Annette Anderson didn’t like what she saw when she looked around the school grounds. When the Johns Hopkins School of Education assistant dean for community schools first arrived at the East Baltimore Community School in January 2011, she found a building oversaturated with neutral brown. The walls were brown. The floors were brownish. The doors were brown, the doorframes were brown, and all the lightbulbs cast a slightly orange tint, which made everything feel brown. Only beige puts the brain to sleep more quickly.
“I was very explicit to the staff about us un-browning the building and bringing primary colors, pastel colors, colors into the building that would accentuate the instruction that we were planning to deliver,” Anderson says. Adding color was one of many changes Anderson and her staff introduced to improve conditions at the school. Those orangish lightbulbs? Gone. The cracked asphalt leading up to the school? Repaved.
Started in 2009 by the nonprofit East Baltimore Development Inc. (EBDI), the East Baltimore Community School is a contract school operating within the city’s public school system. In August, the Johns Hopkins School of Education assumed operation of the school in partnership with the Morgan State University School of Education and Urban Studies. With a staff of about 30, educating approximately 250 students across grades K–3, 6, and 7, with grades 4, 5, and 8 to be added as students progress, Anderson is overseeing the transition to university partnership, taking part in everything from curriculum development to hiring staff to, yes, making decor decisions.
Anderson came to East Baltimore following a five-year stint at another university-assisted school in Chester, Pennsylvania, where Widener University partnered with the Chester Upland School District. Her goal for the 2011–2012 Baltimore school year is to instill a sense of rigor in the staff and students. The school has adopted the Success for All (SFA) curriculum developed by Johns Hopkins professors Robert Slavin and Nancy Madden. Anderson sees every aspect of what students experience at the school as playing a role in the school’s whole-child, holistic approach to education. The tweaks around the building, such as the brighter colors and sofas replacing the folding chairs previously found in the front office, are part of a big-picture plan. Anderson says, “Some of these are very simple things that we did, but they have a much broader context if you think about where we’re going.”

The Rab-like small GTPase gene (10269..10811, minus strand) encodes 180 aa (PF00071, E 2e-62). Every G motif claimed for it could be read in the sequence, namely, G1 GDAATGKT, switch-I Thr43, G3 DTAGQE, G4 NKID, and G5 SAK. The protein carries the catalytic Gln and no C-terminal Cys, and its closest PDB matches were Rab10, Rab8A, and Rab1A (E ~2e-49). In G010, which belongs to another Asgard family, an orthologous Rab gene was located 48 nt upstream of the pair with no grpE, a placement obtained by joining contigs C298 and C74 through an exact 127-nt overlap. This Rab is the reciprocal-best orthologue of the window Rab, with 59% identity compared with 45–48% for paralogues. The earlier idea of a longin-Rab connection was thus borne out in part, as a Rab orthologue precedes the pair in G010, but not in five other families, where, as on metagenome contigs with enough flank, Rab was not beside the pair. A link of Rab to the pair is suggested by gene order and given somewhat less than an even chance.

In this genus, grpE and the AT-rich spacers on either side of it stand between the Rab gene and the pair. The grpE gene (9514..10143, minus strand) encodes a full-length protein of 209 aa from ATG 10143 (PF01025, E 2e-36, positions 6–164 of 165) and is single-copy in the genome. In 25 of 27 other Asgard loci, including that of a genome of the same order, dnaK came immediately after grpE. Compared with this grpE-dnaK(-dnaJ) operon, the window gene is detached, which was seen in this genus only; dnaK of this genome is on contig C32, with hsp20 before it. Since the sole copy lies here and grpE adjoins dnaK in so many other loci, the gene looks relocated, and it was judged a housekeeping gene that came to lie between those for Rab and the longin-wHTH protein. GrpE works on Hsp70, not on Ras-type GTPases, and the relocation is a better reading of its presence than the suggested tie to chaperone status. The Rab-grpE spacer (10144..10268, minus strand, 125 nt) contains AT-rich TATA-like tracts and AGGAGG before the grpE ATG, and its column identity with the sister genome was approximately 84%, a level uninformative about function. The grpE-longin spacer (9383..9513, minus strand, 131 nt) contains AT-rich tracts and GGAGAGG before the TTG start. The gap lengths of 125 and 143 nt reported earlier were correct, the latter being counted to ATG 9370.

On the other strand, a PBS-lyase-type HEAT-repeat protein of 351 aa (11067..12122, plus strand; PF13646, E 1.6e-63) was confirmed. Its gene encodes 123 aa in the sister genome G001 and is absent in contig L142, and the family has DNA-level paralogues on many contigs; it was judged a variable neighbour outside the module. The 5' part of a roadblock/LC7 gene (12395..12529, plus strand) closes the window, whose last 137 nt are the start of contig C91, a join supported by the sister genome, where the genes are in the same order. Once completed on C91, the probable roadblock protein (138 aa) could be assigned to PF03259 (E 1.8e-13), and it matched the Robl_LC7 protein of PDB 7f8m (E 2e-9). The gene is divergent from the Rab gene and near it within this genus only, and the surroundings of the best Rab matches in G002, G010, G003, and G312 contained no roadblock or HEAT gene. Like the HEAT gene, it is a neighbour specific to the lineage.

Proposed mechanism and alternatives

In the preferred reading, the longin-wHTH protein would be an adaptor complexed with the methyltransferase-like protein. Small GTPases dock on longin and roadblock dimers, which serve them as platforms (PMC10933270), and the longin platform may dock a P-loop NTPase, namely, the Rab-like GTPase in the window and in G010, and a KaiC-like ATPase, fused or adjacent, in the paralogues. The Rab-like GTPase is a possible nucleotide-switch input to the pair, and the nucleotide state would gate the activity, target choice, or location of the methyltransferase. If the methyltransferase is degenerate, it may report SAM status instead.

The school is one part of the 88-acre EBDI biotech and residential development initiative, in which Johns Hopkins plays a major role. Part of the plan includes a new home for the East Baltimore Community School—a $30 million, 90,000-square-foot facility that will include an early childhood center and community center on a seven-acre campus located within the redevelopment zone, set to open in August 2013. At the Johns Hopkins Carey Business School “Leaders and Legends” lecture series in September, Johns Hopkins President Ronald J. Daniels succinctly outlined the university’s hope in the school effort when he said, “We believe that the school has the power to change a child’s trajectory, a family’s trajectory, and, indeed, the trajectory of an entire neighborhood.”
Says Anderson, “If we can do it in East Baltimore, we can do this anywhere.” She is herself a product of Baltimore’s public education system, a graduate of Western High School. She had parents who demanded that schools do right by their students, and the schools expected the same from parents—the sort of community crucible she wants to foster in East Baltimore. “The thing that I think we undersell about Baltimore City public schools is that [they] really make you scrappy,” she says. “I never felt, because I was a Baltimore public school student, that I was less than this, or I didn’t have that, or I should just accept failure—if anything, it made me fight harder, it made me rely on myself a lot more. Baltimore City will teach you that you can do anything, not just if you have posh conditions. And I tell the children here every day that, yes—you can come out of Baltimore City and do amazing things. It’s up to you to develop that internal fortitude to make that happen.”